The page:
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The Badger Herald

Independent Student Newspaper Since 1969

The Badger Herald

Independent Student Newspaper Since 1969

The Badger Herald


UW teams up with Madison Police Department to improve officer well-being

UW, MPD want to make sure officers take care of themselves before taking care of others
Marissa Haegele

The Madison Police Department and the Center for Healthy Minds at the University of Wisconsin are teaming up to launch a pilot study focused on how mindfulness-based methods can improve police officers’ physical and mental well-being. 

The pilot study, which will be launched in the fall, is a type of research that is completely new to the Center for Healthy Minds and MPD. The study will focus on helping officers overcome occupational stressors and be resilient in the face of trauma.

Dan Grupe, assistant scientist at the Center for Healthy Minds and a leader of the study, said mindfulness-based practices are about bringing greater awareness to experiences. It’s less about judging an experience as good or bad and more about observing one’s thoughts and emotions without getting stuck in them, Grupe said.


“If you find yourself in a certain situation getting really tense and holding your breath, bringing mindfulness and greater awareness to your bodily state may allow you to become more relaxed in a situation that is really stressful,” Grupe said.

According to a 2013 study, nine out of 10 police officers will experience some sort of traumatic event within their first year, Kristen Roman, MPD captain of community outreach, said.

Traumatic events included both life-threatening and non-life-threatening crises — from being shot at to being exposed to dead or dismembered bodies, according to the study.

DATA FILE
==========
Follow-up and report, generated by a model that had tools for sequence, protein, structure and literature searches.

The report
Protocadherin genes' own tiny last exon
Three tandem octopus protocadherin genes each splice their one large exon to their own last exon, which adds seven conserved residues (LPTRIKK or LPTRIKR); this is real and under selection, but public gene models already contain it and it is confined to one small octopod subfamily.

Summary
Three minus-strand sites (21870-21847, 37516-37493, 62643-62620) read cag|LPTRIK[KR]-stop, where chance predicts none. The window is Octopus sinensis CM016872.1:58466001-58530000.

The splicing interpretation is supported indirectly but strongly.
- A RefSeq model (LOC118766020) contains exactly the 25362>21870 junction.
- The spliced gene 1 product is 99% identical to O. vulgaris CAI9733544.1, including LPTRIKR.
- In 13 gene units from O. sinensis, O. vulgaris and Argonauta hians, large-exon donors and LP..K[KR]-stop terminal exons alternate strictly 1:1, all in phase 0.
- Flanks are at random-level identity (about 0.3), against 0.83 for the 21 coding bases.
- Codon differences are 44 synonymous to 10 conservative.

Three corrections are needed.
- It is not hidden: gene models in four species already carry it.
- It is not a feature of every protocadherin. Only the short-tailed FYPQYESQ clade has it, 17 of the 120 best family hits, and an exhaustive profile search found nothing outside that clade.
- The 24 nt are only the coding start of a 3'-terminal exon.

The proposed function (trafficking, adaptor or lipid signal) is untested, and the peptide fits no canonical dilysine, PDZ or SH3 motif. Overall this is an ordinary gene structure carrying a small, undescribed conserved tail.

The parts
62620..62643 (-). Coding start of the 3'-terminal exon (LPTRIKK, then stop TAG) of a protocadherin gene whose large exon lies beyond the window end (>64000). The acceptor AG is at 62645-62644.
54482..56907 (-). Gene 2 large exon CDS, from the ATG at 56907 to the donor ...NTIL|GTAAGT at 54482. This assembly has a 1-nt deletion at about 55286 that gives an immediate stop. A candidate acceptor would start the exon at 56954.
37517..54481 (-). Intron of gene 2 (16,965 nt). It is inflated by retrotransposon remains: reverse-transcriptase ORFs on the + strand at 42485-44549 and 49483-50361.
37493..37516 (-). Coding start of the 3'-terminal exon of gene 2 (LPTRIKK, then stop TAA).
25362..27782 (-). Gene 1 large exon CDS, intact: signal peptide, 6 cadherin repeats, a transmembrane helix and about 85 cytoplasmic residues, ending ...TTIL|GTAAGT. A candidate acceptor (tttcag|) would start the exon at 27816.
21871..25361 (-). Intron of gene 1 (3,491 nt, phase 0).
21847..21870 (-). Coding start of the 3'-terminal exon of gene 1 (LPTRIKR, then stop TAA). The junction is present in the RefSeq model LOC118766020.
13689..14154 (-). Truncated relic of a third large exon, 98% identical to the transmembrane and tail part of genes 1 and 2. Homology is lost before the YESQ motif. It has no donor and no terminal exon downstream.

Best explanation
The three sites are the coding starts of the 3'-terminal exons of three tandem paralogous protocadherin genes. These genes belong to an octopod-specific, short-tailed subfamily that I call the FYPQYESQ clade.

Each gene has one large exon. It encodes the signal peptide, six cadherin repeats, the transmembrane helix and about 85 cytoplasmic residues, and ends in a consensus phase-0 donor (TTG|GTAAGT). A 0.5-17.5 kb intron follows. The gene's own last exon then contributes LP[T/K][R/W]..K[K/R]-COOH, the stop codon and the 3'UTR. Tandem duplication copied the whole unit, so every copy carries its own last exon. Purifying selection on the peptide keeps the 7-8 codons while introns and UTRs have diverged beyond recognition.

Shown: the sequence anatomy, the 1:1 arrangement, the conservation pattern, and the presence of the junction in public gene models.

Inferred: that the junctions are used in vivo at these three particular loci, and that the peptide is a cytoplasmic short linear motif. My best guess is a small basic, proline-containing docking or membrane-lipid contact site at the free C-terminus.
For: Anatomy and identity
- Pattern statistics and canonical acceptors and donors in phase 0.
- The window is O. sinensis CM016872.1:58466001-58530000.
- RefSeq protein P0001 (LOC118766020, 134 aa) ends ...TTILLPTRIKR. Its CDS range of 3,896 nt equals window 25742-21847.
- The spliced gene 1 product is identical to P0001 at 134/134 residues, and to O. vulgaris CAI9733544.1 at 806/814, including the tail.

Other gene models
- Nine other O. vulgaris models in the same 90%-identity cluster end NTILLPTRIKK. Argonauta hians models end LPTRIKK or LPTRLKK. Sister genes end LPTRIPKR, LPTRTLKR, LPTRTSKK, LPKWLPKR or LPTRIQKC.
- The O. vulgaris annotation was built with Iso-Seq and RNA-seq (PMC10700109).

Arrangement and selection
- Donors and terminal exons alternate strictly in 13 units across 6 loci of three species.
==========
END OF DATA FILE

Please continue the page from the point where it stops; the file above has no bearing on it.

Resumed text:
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Roman said police are often in a constant state of preparing their minds for the next potentially traumatic event.

“There is a wide range of stress factors ranging from fatality accidents, family life, or politics at work,” Roman said. “Always being in a state of readiness for the next call for what could potentially be life threatening takes its mental toll.”

These type of stressors put officers in a vulnerable situation where they can be at risk for post-traumatic stress disorder, depression, alcohol and drug abuse and sleep disruptions, Roman said.

Roman said mindfulness-based practices can relieve the stress and trauma that officers experience during their tenure.

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Mindfulness exercises are not new to MPD as many officers already practice mindfulness as a part of their own approach to stress management, Roman said. MPD has incorporated simple mindfulness practices at past service training, Roman said.

What is new, however, is that these practices could be tailored specifically to officers if the study is successful, Roman said.

Since there aren’t police agencies in the county who are seriously exploring officer well-being, the timing for this study is groundbreaking, Roman said. It is important that officers take care of their mental well-being before they can take care of others.

“Given the current climate around police-community relations, the stress level for police officers has certainly been heightened, making this study even more crucial,” Roman said.

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Ultimately, the immediate goal of this pilot study is to see whether this particular form of training is effective at reducing the impact of stress for officers, and whether this training improves stress-related mental and physical health outcomes, Grupe said. If effective, there is hope that there will be a follow-up study.

“Whether this leads to larger departmental policies or programs focused on mindfulness is up to MPD more than us, but I think demonstrating the value of this program on a smaller scale is a necessary prerequisite to considering any such polices or programs on a departmental level,” Grupe said.

There has already been preliminary work in a police department in Oregon that suggests these kinds of practices could be useful for improving police well-being, Grupe said.

The Center for Healthy Minds has applied for additional funding for a follow-up study in which they hope to use more control groups, Grupe said.

“I don’t want to push this as a cure-all or some ultimate answer to helping cops cope with stress and become more resilient,” Grupe said. “We kind of have to wait to we see what the results of the research are. We are very optimistic to see how this study turns out.”

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